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Chapter: Plant Biology - Structure

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Structure of Plant cell Plastids and mitochondria

Structure of Plant cell Plastids and mitochondria
Plastids are a family of organelles bounded by two external membranes. Family members include: photosynthetic chloroplasts; chromoplasts containing pigments; leucoplasts involved in lipid biosynthesis; amyloplasts that store starch; and etioplasts, an intermediate stage in production of chloroplasts.

PLASTIDS AND MITOCHONDRIA

Key Notes

Plastids

Plastids are a family of organelles bounded by two external membranes. Family members include: photosynthetic chloroplasts; chromoplasts containing pigments; leucoplasts involved in lipid biosynthesis; amyloplasts that store starch; and etioplasts, an intermediate stage in production of chloroplasts.

Chloroplast structure and origins

Plastids contain a small genome encoding some plastid proteins. Many other chloroplast proteins are encoded by nuclear genes. The endosymbiont theory suggests that they arose as primitive photosynthetic organisms that colonized cells. Stacks of thylakoid membranes (grana) containing chlorophyll are present in the matrix space (stroma).

Mitochondria

Mitochondria are the site of synthesis of adenosine triphosphate (ATP) using lipids, carbohydrates and other high energy compounds as fuel.

Mitochondrial structure

Mitochondria are bounded by an outer membrane with an inner fluidfilled stroma (matrix). An inner, selectively permeable membrane, folded into cristae, contains the components necessary for ATP-synthesis. Mitochondria contain a small genome that encodes some, but not all, mitochondrial proteins.

 


Plastids are characteristic of plant cells and otherwise only occur in plant-like protists. They are organelles bounded by a double membrane. There are several types of plastid in plant cells. Chloroplasts are photosynthetic plastids found in the mesophyll cells of leaves, the cortex of herbaceous stems and in small numbers elsewhere in the plant. The green coloration is due to the presence of the pigment chlorophyll (Topic J1). 


Chromoplasts contain pigments other than chlorophyll and are associated with brightly colored structures like ripe fruit. Leucoplastsare colorless and are found in many cell types. They include amyloplasts that store starch and elaioplasts that synthesize lipid.Etioplasts are an intermediate stage in the production of photosynthetic chloroplasts in tissue exposed to light for the first time.


Chloroplast structure and origins

The two membranes of plastids surround a central fluid-filled stroma (Fig. 1). Plastids contain their own DNA in a small ‘plastid genome’ containing genes for some chloroplast proteins. This, together with the presence of the double outer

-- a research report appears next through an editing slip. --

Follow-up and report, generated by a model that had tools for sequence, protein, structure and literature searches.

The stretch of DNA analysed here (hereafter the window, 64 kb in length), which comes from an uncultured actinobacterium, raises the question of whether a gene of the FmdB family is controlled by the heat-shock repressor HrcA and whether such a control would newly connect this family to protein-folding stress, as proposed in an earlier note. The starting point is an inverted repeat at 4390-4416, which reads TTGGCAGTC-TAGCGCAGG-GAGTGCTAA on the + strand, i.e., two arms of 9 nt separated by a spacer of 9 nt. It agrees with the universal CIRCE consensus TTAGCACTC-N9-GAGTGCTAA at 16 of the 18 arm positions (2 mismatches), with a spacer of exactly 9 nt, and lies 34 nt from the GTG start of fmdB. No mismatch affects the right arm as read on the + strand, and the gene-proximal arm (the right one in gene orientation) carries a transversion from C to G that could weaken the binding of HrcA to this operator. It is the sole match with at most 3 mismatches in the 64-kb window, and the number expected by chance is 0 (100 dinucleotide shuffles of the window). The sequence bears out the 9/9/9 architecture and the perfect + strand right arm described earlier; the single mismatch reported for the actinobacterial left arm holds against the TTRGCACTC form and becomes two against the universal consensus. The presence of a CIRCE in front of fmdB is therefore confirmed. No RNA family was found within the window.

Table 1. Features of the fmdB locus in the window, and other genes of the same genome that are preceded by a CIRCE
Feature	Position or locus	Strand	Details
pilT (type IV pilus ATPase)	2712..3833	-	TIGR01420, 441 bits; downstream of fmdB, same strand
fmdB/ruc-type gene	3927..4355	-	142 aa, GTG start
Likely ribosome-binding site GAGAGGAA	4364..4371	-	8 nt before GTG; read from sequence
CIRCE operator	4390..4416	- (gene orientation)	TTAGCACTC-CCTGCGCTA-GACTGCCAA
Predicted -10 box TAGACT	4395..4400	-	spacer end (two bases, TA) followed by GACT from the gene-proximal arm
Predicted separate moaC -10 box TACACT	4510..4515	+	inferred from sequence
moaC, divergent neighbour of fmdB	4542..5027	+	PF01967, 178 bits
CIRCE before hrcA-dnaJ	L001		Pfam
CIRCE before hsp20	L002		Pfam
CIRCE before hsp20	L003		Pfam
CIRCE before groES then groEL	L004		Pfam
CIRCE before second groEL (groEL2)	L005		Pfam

membrane, has led to suggestions that they arose as endosymbionts – primitive photosynthetic organisms that colonized a non-photosynthetic cell. However, while some chloroplast proteins are synthesized on plastid ribosomes, from genes in the chloroplast genome, many others are encoded by nuclear genes and imported. Chloroplasts are highly organized for photosynthesis. Suspended in the stroma are thylakoids, membrane discs that form stacks or grana. Individual stacks are interconnected by tubes of thylakoid membrane. The photosynthetic pigments are arranged in the stacks so that they can be orientated to capture as much light energy as possible. For details of the mechanism of photosynthesis see Topics J1 and J2.


Mitochondria

Mitochondria convert the energy in storage reserves, like lipid, starch and other carbohydrates, into the high energy compoundadenosine triphosphate (ATP). The mitochondrion (Fig. 2) provides an isolated environment in which high energy intermediates can be formed without reactions with other cell constituents. Mitochondria contain a small mitochondrial genome, a circular piece of DNA encoding some (but not all) mitochondrial proteins, which are synthesized on mitochondrial ribosomes. Other proteins are encoded by nuclear DNA and synthesized on cytoplasmic ribosomes. Mitochondria can divide to give further mitochondria and can fuse to form an interconnected tubular mesh. Mitochondria are present in all cells and are abundant in those with high energy demands like phloem companion cells (Topic C3).


Mitochondrial structure

Mitochondria are bounded by two outer membranes. The inner of these membranes is invaginated (folded) to form cristae (singularcrista) which project into the inner space, the stroma or matrix. This inner mitochondrial membrane therefore separates two compartments: the intermembrane space and the matrix space. It is selectively permeable and contains the transportproteins involved in ATP production .

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